Monday, January 8, 2007
The PMC Quick Note is a weekly service provided to all area directors. It is part of our mission to support the lives of band directors across the
Looking for help on a particular topic? Be sure to check out our Quick Note Catalog of back issues.
Junior High Jazz Band can be one of the most rewarding aspects of a band program. The small group setting provides an excellent opportunity to connect with the students. Many junior high schools offer jazz band in the school day, or as an extracurricular activity before or after school. No matter what type of schedule you have, or even if you do not offer jazz but have thought about starting one - there are some key elements that can help your band have a successful season.
The secret to a successful jazz band lies in the warm-ups. Incorporating the correct jazz articulation, style, balance and blend, and intonation into the warm-ups will give you the edge you need when it comes down to getting the music ready. There are several good method books out there to get the fundamentals taught, but the key element is the director's interaction and encouragement. It doesn't matter whether you are a jazz professional or if you have not ever played in a jazz ensemble - if you are actively playing and demonstrating what you are looking for, the student's will want to practice and improve.
Most jazz books for beginning ensembles feature a practice cd. You will definitely want to start with the “language” of jazz. All of those “Doo, Dit, Dot, Dut” concepts work. There are many versions out there. Seek out the language concept and teach it from the very beginning. When the students can begin to “sing” the language within the warm-ups in time, in sync, and with the same pronunciation - you will move ahead so much faster in the music. You can start this concept at anytime within your program - and with consistent practice you will reap the benefits quickly.
Getting “THE SOUND”
Balance, Blend, and Intonation are the most important aspects to getting that “WOW! That's a junior high band?!” sound! Teach them from DAY ONE to blend within each section to the lead player. Teach your lead players to “listen” to each other straight down the line (vertically). Tune the ensemble using the crisscross method: horizontally, vertically, and then in an "X" pattern. Horizontally - Lead player down to 4th parts in each section (ie: saxes). Vertically - All leads, then all 2nd, followed by all 3rd, and then all 4th + bass. "X" pattern - 2nd & 4th players (all), 1st & 3rd players (all) - and focus all pitch into the center of the ensemble. Do this consistently and you will find that within your rehearsals you are teaching them to tune and listen. This will drastically improve your ensemble sound. Junior High bands CAN sound mature - you just have to teach it and work the concept daily. It WILL make a significant difference!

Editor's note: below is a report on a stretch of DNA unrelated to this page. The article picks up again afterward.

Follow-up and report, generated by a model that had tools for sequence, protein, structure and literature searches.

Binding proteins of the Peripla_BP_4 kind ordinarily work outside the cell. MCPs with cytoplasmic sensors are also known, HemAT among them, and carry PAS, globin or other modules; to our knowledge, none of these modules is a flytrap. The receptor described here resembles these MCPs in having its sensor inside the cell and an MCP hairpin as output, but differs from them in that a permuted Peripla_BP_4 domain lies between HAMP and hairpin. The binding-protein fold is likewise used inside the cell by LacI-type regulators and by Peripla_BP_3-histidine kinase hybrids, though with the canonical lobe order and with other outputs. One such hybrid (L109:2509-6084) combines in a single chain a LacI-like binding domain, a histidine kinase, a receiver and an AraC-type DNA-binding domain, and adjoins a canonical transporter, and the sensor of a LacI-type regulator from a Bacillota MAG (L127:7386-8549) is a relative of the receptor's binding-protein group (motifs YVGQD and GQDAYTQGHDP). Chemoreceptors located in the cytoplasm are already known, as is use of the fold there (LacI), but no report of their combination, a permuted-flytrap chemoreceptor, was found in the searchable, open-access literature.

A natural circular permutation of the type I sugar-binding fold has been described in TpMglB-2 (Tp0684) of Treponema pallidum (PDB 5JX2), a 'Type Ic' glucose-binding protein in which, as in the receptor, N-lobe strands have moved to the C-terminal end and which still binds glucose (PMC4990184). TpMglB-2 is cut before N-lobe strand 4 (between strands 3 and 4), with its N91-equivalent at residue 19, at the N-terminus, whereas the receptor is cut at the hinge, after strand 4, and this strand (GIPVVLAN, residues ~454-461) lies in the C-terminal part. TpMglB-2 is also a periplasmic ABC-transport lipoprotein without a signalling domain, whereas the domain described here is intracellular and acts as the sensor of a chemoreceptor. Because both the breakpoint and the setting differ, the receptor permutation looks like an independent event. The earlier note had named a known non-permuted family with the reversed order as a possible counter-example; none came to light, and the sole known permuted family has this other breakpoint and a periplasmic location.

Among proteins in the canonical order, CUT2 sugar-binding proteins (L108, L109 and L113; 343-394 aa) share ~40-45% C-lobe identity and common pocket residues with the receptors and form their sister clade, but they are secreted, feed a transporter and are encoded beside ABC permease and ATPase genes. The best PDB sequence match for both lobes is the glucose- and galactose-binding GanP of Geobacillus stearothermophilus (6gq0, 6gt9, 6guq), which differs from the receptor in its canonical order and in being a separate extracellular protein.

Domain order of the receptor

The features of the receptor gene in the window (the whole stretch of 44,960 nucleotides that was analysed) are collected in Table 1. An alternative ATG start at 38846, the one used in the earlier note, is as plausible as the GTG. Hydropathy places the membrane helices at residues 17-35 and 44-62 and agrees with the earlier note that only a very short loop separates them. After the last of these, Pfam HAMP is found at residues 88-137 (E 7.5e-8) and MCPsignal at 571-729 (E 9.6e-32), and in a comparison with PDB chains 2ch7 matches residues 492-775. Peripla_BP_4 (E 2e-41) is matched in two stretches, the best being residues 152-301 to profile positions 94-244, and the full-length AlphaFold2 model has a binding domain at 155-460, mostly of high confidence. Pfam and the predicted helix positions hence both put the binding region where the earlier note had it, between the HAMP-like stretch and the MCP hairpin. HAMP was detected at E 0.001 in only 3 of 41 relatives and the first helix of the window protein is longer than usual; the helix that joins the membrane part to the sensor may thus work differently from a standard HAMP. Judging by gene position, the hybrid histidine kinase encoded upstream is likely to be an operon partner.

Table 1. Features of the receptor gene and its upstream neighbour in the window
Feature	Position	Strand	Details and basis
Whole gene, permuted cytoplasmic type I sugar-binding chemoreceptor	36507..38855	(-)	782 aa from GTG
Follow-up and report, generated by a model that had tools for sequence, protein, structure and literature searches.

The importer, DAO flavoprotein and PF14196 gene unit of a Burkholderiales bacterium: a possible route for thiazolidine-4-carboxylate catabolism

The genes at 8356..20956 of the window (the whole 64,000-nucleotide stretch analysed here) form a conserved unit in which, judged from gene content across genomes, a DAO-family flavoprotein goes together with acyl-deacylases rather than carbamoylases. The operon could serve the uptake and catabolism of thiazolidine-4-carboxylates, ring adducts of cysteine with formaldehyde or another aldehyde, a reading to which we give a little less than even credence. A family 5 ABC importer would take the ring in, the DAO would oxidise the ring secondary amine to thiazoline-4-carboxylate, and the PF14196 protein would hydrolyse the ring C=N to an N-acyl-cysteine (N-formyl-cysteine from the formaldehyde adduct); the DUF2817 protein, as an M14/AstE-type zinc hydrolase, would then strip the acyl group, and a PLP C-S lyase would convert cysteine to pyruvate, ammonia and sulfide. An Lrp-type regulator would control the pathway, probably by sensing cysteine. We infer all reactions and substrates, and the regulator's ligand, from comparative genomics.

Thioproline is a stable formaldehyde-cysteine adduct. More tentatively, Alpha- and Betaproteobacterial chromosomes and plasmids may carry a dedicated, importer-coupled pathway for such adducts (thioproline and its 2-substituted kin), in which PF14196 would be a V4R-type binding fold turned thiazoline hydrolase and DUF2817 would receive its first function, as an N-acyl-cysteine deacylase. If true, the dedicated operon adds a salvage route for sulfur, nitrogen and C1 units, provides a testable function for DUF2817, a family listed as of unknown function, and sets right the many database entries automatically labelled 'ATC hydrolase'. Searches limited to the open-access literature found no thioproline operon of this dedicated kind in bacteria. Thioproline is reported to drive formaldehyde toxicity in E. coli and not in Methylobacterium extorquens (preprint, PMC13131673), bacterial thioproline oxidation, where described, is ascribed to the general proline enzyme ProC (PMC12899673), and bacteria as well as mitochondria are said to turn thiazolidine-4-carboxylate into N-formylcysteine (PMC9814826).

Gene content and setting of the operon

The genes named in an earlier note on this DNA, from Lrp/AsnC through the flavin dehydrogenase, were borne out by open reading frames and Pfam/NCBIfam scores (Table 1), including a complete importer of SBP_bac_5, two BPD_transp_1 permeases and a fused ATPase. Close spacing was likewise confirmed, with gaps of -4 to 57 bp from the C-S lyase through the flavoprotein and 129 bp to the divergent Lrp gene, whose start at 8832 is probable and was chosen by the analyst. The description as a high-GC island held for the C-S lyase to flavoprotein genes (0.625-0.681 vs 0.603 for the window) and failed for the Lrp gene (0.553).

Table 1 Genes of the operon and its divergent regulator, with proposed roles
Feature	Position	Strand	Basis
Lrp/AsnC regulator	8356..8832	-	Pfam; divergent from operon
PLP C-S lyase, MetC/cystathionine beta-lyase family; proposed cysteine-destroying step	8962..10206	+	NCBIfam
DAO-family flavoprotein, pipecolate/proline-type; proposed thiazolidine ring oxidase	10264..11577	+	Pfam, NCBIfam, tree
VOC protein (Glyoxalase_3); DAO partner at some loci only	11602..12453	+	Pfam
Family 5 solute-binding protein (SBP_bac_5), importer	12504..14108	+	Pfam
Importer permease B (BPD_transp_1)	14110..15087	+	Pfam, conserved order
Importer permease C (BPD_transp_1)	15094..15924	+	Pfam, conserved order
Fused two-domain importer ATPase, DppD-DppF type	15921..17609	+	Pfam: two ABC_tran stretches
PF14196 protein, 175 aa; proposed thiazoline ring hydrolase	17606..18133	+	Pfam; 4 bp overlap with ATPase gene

Rhythm sections are usually one of the toughest areas in a junior high jazz program to fill in. Look for piano players in beginning band and stress the importance of continuing to take lessons. Give them a very basic jazz piece to work on - just to get them excited about coming up into junior high and being a part of the jazz band. Bass players can be found within your low brass or percussion section. Start in your beginning band with advertising what you will be needing, and there will be some student who will start to learn the instrument before they ever reach junior high. If you are just starting a jazz band, tell your band kids you are looking for a bright, hard working student who likes to be the leader - you will be amazed at how many will ask you about it. Find someone in your community or your high school student to come in and work with them.
Selecting music is one of the final critical elements for your program. Junior High students are amazing people! They will play whatever you teach them. That is such a powerful statement. You can forever change the path of a young student through the jazz program. Select music that will be challenging. Look for contrast styles: Swing, Ballad, Latin, Funk, Rock, etc. When going to festivals, the judges are looking at your contest selections just as much as how they play it. Programming can be crucial in a contest setting. Try to avoid playing the song that is considered “pop” or “cutsie” for contest. Save those for the spring concert or your elementary tours. It IS important for your students to play those type of pieces, they're great fun and can provide an opportunity to play “current” music. However, it is important to make sure they're learning some standard pieces, as well as some history of jazz. We're losing our jazz icons, and it is important that this generation knows who the pioneers have been and to keep the history alive for the future jazz listeners. Our job is to create a new crop of jazz listeners who will have a deep love and appreciation for America's “Classical Music”.
Diana Williams is the Director of Bands for Webb City R-7 Schools . Diana directs the Marching Band, Wind Ensemble, & Jazz I. She also assists at both the Junior High and Middle School levels. Diana is also the founder and Executive Director of Cutting Edge Auxiliaries Summer Camps. Mrs. Williams received a Bachelor in Music Education (1992) from Pittsburg State University, Pittsburg, Kansas, and a Masters Degree in Secondary School Administration (2003) from Missouri State University.
Can we assist you with anything? Please contact your local Palen Music Center school road representative for all of your music education needs.
|Bob Hopkins and Mike Brown|
|(417) 862-2700||Burl Williams|
|Columbia||(573) 256-5555||Robert Pitts|
|Liberty||(816) 792-8301||Ken Crisp|
If you would like to submit material, make changes or corrections, give comments, or wish to be removed from this mailing list, please contact Eric Matzat.